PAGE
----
While there are many kinds and definitions of love, I’d like to focus on four qualities or practices that make up love. In Buddhism, these teachings are known as the four immeasurables, since it is said that, as you practice them, each of these elements and the four together will continue to grow beyond what can be measured.”

These four qualities are:

  • Loving kindness – The practice of caring for others
  • Compassion – Feeling another’s pain, understanding others, and desiring to help others
  • Joy – A deep sense of happiness that is not dependent on conditions
  • Equanimity – The practice of letting go of self-concern, of cultivating acceptance and composure

The values I shared about my three people revolved around the joy and equanimity I saw in their everyday work. They seemed to find find happiness in the growth of others and relished in even some of the most basic and repetitive tasks.

Those basic and repetitive tasks make up our lives. Whether those tasks take place at work or home, for the most part they are pretty predictable. And it is in these routine tasks where we find the space for what Lesser is referring to as “The Work” – cultivating mindfulness.

During the workday I routinely make decisions, coach my team, and attend meetings. Occasionally I get to speak in front of large audiences and create new systems, but those tasks are not the norm. At home I mow the lawn, walk the dog, and help my partner lead the day-to-day processes of a busy family of four (ie. get my sons to brush their teeth, take them to practice, and pay bills.) Occasionally we take a vacation or attend an awesome concert, but we can’t rely on those rare big ticket events to find the love.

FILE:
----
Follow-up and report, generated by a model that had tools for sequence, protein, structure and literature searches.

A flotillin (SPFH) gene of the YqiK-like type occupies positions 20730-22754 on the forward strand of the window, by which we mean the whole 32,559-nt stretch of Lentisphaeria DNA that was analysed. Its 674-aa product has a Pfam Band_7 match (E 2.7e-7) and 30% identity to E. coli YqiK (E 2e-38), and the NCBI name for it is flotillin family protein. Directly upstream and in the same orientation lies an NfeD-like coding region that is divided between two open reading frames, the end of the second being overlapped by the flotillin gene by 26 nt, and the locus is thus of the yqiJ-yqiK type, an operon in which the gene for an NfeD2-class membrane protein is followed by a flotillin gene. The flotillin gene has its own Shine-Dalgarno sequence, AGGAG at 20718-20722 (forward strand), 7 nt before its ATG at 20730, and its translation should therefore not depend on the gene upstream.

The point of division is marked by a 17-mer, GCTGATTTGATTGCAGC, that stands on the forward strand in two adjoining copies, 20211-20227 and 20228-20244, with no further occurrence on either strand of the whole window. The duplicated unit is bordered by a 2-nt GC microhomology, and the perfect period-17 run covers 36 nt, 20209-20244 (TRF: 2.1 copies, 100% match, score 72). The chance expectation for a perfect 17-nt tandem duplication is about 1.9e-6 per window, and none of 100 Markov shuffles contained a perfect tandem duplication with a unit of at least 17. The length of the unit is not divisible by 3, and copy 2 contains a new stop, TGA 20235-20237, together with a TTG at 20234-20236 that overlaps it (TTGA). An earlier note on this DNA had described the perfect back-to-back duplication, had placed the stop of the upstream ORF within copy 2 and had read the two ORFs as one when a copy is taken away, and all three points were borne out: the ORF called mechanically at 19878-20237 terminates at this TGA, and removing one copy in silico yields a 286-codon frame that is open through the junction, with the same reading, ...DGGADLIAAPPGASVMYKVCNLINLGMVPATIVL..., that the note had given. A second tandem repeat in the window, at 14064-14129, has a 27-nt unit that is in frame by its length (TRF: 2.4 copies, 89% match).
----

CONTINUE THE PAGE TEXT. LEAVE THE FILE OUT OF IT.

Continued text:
If the work is cultivating mindfulness and that is the work we should love, then what are we doing when we are cultivating mindfulness. We are not speaking in front of a thousand people, going on vacation, or jumping in a mosh pit at a Green Day concert. It’s when we are at home or at our places of work doing the day-to-day, choosing to love the routine, choosing to love the reality because that is where we can grow into the leaders our families and teams deserve.

It’s not easy to embrace and fully engage with the routine. We think that other people’s lives are more exciting than our own because for the most part we only see their social media posts. Nobody posts pictures of the routine tasks. We may still be telling ourselves stories about some other life out there we might be living.

But, one does not cultivate mindfulness by posting a staged Instagram shot from one’s weekend in Sedona or reminiscing about our past. We become mindful leaders by leaning into and learning to love the routine because we trust it will bring more of the four immeasurables mentioned above to our lives and the lives of those around us. Mindfulness is the secret lining we find when we are fully present – no matter the activity.

I’ll end this post with Lesser’s definition of leadership as it will set us up nicely for next week’s post. But before we end, please take a moment to sign up for my email list so you get part 3 of this 8-part series in your inbox as soon as it’s published next week.